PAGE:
Gierke’s theory of social law influenced such writers as Léon Duguit and Hugo Krabbe; his insistence on the autonomous origins of associations influenced, directly or indirectly, the thought of S. G. Hobson, G. D. H. Cole, Harold J. Laski, and others. His influence on English pluralism owed much to Frederic William Maitland, who introduced Gierke to English-speaking academic circles in 1900. With a lawyer’s interest in the legal interpretation of corporations and other groups, Maitland emphasized Gierke’s legal doctrine of the real personality of associations but paid less attention to his view of their organic nature and to the very special role he attributed to the state. J. N. Figgis contributed to Gierke’s reputation as a pluralist when in Churches in the Modern State he drew heavily from Gierke in vindicating the “real life and personality” of churches and other associations against the “Leviathan state” and the Austinian concept of sovereignty. In Germany, Gierke’s student and follower Hugo Preuss argued in his early writings for a transformation of the authoritarian, Prussia-dominated Reich into a decentralized democratic state whose articulation would be unhampered by the outworn dogma of sovereignty; but Preuss did not minimize his divergence from Gierke. In the Weimar period he moved to an uncompromising assertion of the sovereignty of the united German state.
Gierke’s historical interpretations have been criticized as generalizing beyond the evidence, as tending to transform social movements into ideological or spiritual movements, as reading his own categories into past thought. But Das deutsche Genossenschaftsrecht, with its massive erudition and often perceptive statement, remains a classic which no historian of its topics can ignore. Gierke’s systematic theses have also been criticized, even by generally sympathetic writers, for example, in the penetrating analysis by Ernest Barker (1934). Interest in Gierke’s theory has declined with the decline of the pluralist school. The normative and juristic conclusions that he drew from recognition of the spontaneous self-assertion of groups have little in common with more recent descriptive analyses of group action in politics.
John D. Lewis
[For the historical context and subsequent development of Gierke’s ideas, seeNatural Law; Pluralism; Political Group Analysis; Voluntary Associations; and the biographies ofDuguit; Figgis; Laski; Maitland.]
1868-1913 Das deutsche Genossenschaftsrecht. 4 vols. Berlin: Weldmann. → Volume 1: Rechtsgeschichte der deutschen Genossenschaft, 1868. Volume 2: Geschichte des deutschen Körperschaftsbegriffs, 1873. Volume 3: Die Staats- und Korporationslehre des Altertums und des Mittelalters und ihre Aufnahme in Deutschland, 1881. Volume 4: Die Staats- und Korporationslehre der Neuzeit, 1913. Reprinted in 1954 by Akademlsche Druck- und Verlagsanstalt, Graz (Austria). Translations of extracts provided by J. D. Lewis.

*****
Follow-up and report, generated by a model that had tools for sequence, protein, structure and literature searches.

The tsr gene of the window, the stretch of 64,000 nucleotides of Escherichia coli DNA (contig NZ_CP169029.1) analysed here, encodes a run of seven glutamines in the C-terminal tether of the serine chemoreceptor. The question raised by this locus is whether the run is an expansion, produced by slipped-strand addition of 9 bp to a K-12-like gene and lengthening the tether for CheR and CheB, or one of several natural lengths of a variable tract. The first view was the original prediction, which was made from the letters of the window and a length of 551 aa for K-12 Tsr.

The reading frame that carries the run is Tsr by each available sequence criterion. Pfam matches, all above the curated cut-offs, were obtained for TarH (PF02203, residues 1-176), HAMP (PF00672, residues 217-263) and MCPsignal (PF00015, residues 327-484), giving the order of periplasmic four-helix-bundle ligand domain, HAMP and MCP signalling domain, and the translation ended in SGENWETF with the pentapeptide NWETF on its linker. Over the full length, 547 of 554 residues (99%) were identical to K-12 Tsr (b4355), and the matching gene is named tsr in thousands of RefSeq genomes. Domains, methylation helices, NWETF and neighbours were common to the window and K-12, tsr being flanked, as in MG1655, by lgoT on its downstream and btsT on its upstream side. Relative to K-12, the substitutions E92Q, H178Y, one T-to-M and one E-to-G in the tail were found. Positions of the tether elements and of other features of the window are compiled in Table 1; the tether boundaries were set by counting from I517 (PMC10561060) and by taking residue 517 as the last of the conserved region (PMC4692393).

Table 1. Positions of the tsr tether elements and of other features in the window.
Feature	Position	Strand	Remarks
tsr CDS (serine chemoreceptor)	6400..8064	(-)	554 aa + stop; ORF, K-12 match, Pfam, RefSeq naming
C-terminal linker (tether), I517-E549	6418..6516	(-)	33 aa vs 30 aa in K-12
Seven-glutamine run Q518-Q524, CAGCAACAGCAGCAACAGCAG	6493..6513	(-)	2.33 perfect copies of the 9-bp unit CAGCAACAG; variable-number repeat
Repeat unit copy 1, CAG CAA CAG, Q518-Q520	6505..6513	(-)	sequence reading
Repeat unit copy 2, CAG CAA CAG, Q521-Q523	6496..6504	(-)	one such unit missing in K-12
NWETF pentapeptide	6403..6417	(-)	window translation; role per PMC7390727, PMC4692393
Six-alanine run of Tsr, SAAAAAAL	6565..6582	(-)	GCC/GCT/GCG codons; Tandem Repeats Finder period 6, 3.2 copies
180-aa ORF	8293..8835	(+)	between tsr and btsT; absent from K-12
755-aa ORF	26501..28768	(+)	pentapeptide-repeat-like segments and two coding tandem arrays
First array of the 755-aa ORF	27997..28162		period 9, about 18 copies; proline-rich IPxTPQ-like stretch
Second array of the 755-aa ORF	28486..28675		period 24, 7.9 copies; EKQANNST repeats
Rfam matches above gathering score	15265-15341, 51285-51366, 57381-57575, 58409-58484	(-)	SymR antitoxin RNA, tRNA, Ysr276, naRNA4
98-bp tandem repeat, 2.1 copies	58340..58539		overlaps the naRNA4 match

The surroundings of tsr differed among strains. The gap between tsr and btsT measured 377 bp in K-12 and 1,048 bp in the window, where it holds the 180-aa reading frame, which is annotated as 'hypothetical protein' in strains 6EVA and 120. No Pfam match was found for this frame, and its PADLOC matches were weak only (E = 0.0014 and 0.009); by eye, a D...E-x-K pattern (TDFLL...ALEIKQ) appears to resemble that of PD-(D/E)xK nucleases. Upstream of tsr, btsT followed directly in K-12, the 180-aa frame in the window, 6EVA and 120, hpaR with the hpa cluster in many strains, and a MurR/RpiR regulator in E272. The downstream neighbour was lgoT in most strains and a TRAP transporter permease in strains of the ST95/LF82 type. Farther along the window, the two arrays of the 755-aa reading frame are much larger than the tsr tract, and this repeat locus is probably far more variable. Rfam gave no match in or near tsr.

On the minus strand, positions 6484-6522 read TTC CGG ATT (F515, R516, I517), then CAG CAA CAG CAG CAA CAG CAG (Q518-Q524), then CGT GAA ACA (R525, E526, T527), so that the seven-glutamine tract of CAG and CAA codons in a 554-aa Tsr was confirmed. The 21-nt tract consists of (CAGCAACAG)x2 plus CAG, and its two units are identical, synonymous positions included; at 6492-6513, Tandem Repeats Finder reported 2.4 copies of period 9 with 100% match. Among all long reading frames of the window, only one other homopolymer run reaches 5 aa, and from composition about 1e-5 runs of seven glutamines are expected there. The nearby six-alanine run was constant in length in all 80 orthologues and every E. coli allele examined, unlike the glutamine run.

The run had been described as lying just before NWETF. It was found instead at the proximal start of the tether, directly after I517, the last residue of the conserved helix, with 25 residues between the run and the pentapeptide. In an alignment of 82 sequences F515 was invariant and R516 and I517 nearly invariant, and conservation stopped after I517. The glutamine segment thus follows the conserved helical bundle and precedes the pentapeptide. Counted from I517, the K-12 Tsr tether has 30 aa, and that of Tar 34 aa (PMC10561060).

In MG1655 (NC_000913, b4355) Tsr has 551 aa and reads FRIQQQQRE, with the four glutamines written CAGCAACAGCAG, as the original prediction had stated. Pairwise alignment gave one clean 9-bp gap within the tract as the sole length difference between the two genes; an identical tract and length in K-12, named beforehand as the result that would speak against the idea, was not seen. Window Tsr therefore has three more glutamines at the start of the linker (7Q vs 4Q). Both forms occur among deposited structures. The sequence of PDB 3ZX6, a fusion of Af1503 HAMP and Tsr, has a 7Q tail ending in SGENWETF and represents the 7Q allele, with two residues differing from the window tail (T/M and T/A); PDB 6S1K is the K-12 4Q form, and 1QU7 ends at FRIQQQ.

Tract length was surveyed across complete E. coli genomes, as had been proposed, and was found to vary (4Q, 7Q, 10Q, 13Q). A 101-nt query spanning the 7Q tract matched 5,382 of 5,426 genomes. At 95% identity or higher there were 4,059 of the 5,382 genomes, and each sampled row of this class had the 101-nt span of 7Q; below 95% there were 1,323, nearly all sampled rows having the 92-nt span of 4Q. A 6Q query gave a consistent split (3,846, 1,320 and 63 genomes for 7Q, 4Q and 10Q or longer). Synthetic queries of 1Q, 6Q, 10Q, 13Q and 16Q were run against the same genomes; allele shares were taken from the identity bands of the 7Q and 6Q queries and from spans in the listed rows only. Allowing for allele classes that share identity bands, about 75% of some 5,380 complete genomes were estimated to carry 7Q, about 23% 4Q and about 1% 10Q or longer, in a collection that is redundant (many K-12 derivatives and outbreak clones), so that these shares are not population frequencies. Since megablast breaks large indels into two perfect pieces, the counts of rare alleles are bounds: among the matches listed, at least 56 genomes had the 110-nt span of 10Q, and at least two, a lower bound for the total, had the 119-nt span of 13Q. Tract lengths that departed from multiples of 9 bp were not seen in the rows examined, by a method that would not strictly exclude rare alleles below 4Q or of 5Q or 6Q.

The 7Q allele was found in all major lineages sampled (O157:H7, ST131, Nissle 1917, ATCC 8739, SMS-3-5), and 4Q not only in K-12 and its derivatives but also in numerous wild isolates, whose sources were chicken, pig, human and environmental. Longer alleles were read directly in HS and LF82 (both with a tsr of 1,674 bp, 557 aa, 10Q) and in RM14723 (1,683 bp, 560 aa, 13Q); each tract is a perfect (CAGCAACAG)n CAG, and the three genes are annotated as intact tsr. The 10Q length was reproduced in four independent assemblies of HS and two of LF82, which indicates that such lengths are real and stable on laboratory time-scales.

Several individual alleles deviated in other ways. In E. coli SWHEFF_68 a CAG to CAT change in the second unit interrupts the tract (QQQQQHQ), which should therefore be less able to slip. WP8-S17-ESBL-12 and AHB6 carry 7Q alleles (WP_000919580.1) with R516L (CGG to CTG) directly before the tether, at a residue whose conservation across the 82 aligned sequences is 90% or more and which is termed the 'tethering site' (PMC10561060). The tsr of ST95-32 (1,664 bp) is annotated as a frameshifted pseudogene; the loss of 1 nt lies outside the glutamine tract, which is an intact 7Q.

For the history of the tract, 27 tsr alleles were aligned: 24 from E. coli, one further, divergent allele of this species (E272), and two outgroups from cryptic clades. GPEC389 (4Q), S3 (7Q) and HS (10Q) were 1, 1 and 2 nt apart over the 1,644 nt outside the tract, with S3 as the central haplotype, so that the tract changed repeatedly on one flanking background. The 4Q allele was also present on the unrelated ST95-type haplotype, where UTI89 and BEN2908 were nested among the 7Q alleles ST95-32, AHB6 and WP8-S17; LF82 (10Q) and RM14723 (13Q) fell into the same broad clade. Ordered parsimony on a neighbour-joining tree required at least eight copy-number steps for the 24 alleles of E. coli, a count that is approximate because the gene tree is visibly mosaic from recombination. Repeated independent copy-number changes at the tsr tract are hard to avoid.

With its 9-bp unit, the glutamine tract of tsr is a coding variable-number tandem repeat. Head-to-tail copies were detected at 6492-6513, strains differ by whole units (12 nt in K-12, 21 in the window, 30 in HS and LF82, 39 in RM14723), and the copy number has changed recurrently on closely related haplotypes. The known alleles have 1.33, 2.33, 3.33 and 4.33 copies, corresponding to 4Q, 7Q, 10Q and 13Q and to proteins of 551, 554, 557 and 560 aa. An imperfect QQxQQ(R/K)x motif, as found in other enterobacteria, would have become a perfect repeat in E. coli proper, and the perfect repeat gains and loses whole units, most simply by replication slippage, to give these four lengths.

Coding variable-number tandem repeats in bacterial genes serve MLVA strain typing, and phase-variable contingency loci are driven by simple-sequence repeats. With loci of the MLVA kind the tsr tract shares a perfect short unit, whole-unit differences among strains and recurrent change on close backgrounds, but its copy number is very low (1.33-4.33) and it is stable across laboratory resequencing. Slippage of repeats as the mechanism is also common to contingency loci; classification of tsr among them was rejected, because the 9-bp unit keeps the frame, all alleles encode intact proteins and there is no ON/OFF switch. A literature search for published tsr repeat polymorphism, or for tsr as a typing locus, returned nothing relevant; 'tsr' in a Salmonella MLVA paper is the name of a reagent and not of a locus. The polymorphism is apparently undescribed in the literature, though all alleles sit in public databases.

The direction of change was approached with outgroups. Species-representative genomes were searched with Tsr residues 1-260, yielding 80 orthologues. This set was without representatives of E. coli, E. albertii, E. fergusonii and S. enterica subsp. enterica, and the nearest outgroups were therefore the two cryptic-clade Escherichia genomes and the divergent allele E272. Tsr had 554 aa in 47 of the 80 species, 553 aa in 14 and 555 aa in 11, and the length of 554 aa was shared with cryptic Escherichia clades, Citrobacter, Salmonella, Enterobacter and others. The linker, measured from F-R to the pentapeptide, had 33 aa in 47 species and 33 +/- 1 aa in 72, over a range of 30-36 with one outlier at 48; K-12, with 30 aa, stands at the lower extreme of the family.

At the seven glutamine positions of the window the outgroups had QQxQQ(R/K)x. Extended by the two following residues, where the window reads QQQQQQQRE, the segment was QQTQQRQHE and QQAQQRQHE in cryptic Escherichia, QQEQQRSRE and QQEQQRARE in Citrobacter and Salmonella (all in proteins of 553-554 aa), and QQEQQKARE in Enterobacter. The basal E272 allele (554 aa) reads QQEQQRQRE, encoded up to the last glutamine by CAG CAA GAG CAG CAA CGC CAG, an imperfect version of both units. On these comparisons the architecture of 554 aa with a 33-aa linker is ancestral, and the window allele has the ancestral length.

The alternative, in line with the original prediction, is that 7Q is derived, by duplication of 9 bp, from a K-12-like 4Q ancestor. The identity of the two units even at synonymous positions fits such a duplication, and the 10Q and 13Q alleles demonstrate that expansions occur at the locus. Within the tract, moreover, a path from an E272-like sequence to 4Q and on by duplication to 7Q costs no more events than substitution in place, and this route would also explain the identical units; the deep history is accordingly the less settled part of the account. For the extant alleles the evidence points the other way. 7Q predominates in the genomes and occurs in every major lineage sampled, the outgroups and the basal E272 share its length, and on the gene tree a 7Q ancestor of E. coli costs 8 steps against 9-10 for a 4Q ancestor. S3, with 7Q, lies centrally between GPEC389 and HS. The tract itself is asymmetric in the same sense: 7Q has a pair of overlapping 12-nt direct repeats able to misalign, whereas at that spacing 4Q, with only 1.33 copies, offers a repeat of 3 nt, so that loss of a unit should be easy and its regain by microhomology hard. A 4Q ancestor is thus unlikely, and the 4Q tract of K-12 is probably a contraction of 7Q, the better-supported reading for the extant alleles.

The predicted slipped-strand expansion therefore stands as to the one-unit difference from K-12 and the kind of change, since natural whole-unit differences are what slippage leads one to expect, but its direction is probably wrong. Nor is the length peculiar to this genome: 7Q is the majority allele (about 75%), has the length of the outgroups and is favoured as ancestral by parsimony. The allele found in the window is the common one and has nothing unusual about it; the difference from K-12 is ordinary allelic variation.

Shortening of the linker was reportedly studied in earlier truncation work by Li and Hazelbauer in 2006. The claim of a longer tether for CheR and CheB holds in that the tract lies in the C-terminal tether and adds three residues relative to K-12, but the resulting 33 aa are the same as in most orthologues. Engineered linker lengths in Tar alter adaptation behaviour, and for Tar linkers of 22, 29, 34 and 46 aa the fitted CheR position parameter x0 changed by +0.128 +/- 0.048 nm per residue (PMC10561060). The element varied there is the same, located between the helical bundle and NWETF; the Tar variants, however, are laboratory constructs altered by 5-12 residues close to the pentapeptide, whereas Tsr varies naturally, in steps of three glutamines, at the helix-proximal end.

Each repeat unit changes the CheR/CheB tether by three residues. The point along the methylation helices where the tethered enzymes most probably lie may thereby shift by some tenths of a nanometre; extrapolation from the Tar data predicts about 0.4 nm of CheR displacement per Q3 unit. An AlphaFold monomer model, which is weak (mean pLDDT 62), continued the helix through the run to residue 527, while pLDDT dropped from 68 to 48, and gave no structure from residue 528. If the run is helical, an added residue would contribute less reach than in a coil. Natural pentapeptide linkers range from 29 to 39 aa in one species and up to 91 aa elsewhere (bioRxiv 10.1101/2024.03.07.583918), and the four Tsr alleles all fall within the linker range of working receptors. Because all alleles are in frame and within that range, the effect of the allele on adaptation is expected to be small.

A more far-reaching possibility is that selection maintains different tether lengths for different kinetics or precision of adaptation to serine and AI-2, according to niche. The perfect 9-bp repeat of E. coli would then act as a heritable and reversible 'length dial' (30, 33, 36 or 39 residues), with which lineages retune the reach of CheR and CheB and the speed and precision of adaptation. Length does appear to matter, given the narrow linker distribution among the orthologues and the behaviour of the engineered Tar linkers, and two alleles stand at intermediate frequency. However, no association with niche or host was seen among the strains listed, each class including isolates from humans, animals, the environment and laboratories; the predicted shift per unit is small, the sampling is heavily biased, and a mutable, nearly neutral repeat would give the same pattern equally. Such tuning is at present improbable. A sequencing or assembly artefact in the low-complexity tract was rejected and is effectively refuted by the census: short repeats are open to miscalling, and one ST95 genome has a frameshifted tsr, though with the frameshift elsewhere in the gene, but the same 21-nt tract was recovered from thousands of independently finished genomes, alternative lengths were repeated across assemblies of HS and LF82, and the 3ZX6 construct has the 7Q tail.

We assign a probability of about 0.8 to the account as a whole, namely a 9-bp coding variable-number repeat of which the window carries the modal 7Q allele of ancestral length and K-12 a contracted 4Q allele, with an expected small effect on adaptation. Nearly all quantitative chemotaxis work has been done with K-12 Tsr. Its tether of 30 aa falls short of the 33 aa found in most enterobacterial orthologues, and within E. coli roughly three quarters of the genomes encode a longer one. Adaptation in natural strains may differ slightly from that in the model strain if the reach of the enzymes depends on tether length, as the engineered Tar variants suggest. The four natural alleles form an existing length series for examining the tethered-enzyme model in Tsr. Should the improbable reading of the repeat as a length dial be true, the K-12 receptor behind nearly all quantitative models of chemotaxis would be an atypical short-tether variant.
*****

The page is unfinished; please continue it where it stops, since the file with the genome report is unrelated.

(1874) 1915 Die Grundbegriffe des Staatsrechts und die neuesten Staatsrechtstheorien. Tübingen (Germany): Mohr. → First published in Volume 30 of Zeitschrift für die gesamte Staatsuiissenschaft.
(1880) 1939 The Development of Political Theory. Translated by Bernard Freyd. New York: Norton. → First published in 1880 as Johannes Althusius und die Entwicklung der naturrechtlichen Staatstheorien by Koebner, Breslau.
(1881) 1958 Political Theories of the Middle Age. Cambridge Univ. Press. → A translation of “Die publicistischen Lehren des Mittelalters,” a section of Volume 3 of Gierke’s Das deutsche Genossenschaftsrecht. Translated with a famous introduction by Frederic William Maitland.
1883 Labands Staatsrecht und die deutsche Rechtswissen-schaft. Schmollers Jahrbuch fur Gesetzgebung, Ver-waltung und Volkswirtschaft im Deutschen Reich 7: 1097–1195.
1887 Die Genossenschaftstheorie und die deutsche Recht-sprechung. Berlin: Weidmann.
1895-1917 Deutsches Privatrecht. 3 vols. Munich and Leipzig: Duncker 8c Humblot. → Volume 1: Allgemeiner Teil und Personenrecht, 1895. Volume 2: Sachenrecht, 1905. Volume 3: Schuldrecht, 1917.
1902 (1954) Das Wesen der menschlichen Verbande. Darmstadt (Germany): Wissenschaftliche Buchge-meinschaft. → Extracts from this work have been translated as “The Nature of Human Associations” and published on pages 139-157 of Lewis 1935.
(1913) 1934 Natural Law and the Theory of Society, 1500 to 1800. 2 vols. Translated with an introduction by Ernest Barker. Cambridge Univ. Press. → A 1934 translation of five subsections of Volume 4 of Gierke’s Das deutsche Genossenschaftsrecht. A paperback edition was published in 1957 by Beacon Press.
Barker, Ernest (1934)1950 Translator’s Introduction. Pages ix-xci in Otto von Gierke, Natural Law and the Theory of Society, 1500 to 1800. Cambridge Univ. Press. → An important work about Gierke.
Emerson, Rupert 1928 State and Sovereignty in Mod ern Germany. New Haven: Yale Univ. Press. → See Chapter 4, pages 126-154 on “The School of the Genossenschaft.”
Gurvitch, Georges 1922 Otto von Gierke als Rechts-philosoph. Logos: Internationale Zeitschrift fur Philosophie der Kultur 11:86–132.
Lewis, John D. 1935 The Genossenschaft-theory of Otto von Gierke: A Study in Political Thought. Madison: Univ. of Wisconsin. → An appendix contains translated extracts from Gierke’s Das deutsche Genossen schaftsrecht; Johannes Althusius …; Das Wesen der menschlichen Verbande; and Die Grundbegriffe des Staatsrechts.
Maitland, Frederic William (1900) 1958 Introduction. In Otto von Gierke, Political Theories of the Middle Age. Cambridge Univ. Press.
Preuss, Hugo 1910 Die Lehre Gierkes und das Problem der preussischen Verwaltungsreform. Volume 1, pages 245-304 in Berlin Universitat, Juristische Fakultat, Festgabe der Berliner juristischen Fakultat fur Otto Gierke zum Doktor-Jubilaum 22 august 1910. Breslau (then Germany): Marcus.
Schultze, Alfred 1923 Otto von Gierke als Dogmatiker des biirgerlichen Rechts. Jherings Jahrbiicher fur die Dogmatik des biirgerlichen Rechts 73:i-xlvi.